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How DFA Can Help the Property/Casualty Industry, Part 4

by Susan T. Szkoda, FCAS

Editor’s Note: This is the fourth in a series of articles on Dynamic Financial Analysis (DFA). Click here to view Part 1. Click here to view Part 2. Click here to view Part 3.

One of the things we find when we talk to people about DFA is that while DFA is considered a "new concept" for primary insurers, DFA is already considered an established part of how business is done in the reinsurance industry. This is largely because reinsurers frequently deal with events that are low frequency but high severity. Therefore modeling a number of scenarios is the best way to illustrate the value of any given coverage to potential purchasers, and to compare and contrast the economic effects of possible reinsurance "solutions" for a potential client. Reinsurers are in the lead in terms of using DFA for pricing studies, marketing studies, and reserving studies.

Many reinsurers and brokers have become increasingly sophisticated and now use DFA-type modeling to actively evaluate the effect of proposed cessions from primary companies. DFA is also particularly useful in evaluating various finite risk reinsurance transactions.

If you are a primary insurer, how can you use DFA? Primary insurers can use DFA modeling to help develop an appropriate cession strategy that will maximize achievement of their reinsurance goals. This may involve modeling a variety of mixes of reinsurance coverages at various limits and retentions and with various loss-sensitive features in order to achieve an optimal program.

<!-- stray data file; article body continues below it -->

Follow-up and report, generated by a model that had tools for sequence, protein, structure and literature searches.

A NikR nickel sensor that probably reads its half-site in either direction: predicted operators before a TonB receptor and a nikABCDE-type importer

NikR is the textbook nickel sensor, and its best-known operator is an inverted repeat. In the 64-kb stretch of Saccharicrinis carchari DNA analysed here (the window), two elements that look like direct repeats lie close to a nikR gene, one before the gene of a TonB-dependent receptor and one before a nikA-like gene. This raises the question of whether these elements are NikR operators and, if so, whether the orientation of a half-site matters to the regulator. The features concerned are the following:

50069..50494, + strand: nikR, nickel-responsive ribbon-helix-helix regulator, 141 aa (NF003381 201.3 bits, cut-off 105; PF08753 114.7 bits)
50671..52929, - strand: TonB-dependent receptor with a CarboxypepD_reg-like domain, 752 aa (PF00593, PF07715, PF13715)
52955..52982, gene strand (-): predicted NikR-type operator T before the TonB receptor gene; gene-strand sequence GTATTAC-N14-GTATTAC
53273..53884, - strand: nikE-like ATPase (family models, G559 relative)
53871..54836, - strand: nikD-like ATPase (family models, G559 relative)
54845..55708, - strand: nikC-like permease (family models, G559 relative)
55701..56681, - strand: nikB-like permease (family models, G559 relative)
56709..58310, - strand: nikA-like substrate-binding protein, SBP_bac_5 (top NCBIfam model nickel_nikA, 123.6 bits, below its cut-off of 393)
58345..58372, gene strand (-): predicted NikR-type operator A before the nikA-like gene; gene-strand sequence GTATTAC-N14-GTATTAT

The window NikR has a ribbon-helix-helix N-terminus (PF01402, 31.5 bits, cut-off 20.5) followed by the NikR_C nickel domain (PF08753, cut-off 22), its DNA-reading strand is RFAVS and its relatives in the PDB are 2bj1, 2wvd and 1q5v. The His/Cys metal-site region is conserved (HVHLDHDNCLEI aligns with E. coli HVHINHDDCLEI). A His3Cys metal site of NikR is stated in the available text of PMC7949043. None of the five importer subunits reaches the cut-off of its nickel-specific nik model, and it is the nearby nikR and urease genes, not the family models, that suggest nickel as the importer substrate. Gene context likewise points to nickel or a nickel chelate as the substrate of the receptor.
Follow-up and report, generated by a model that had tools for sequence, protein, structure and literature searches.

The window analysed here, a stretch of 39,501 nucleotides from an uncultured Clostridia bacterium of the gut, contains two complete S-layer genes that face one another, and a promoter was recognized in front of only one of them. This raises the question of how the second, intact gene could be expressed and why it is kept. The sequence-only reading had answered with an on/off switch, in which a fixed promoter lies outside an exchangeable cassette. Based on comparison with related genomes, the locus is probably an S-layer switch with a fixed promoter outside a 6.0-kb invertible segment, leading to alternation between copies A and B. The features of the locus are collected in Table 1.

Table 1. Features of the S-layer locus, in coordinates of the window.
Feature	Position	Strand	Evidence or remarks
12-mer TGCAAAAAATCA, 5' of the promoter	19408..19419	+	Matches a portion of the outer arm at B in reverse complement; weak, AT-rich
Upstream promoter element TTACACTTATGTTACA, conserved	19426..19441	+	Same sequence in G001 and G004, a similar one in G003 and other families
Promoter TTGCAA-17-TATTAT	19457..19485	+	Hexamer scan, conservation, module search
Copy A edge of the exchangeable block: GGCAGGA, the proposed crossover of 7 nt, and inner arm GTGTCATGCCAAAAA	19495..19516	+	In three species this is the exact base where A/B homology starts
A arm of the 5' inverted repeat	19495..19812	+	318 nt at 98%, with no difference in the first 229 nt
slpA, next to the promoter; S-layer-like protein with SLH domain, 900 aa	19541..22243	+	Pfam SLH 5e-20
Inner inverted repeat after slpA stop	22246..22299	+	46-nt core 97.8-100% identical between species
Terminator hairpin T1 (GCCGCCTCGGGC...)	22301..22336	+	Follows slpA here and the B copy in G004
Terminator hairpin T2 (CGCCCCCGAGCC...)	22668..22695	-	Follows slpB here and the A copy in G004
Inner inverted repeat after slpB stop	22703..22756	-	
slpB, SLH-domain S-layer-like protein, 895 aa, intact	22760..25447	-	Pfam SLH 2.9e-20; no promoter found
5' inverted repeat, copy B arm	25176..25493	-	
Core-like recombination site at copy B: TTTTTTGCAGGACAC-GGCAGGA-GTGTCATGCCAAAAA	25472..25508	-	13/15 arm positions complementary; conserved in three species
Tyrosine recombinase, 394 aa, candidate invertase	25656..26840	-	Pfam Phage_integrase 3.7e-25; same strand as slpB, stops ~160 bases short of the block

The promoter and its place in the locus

A second example of DFA use by primary companies is perhaps the best known—catastrophe modeling. When Hurricanes Hugo and Andrew hit and the Northridge Earthquake occurred, the industry realized that simulation, modeling and multiple stress test scenarios were the only reasonable approach to get a handle on their true potential exposure. In fact, reinsurers who specialize in writing catastrophe covers rely on these types of DFA models for their very existence!

It’s generally conceded that the industry is far more sophisticated today about managing its exposure to natural disasters than just five years ago. Much of the credit for this improvement has to go to the knowledge derived from this special subset of DFA models.

A third use of DFA models is to help primary companies deal realistically with the risk of uncollectible reinsurance. At the same time DFA can help reinsurers deal realistically with the potential financial stresses of failures occurring among primary company cedants.

Modeling reinsurance recoveries under mass torts is yet another important use of DFA. DFA is well-known to primary insurers as an accepted method for estimating various mass tort liabilities. It can be used to model potential reinsurance recoveries under a variety of scenarios.

Other specialized uses of DFA may involve modeling non-reinsurance alternatives such as CBOT Catastrophe Futures, lines of credit, catastrophe bonds and other derivative products.

Table 1 shows a simplified example of one traditional type of DFA analysis. An insurer considers the purchase of quota share (QS) or excess of loss (XOL) for a small low frequency, high severity book of business. This insurer has decided that its key measure is profit-center underwriting gain.

The insurer can then see not only how often each reinsurance alternative is best, but when and why.

DFA modelers frequently need to do significant original research and development. Some areas requiring such research include:

DFA model building is likely to spur a host of econometric-related insurance research that will prove beneficial in numerous areas.

As you can see, reinsurance provides a particularly rich area for DFA studies whether you are a primary carrier or reinsurer.

Paul J. Kneuer, FCAS of the Holborn Agency contributed to this article.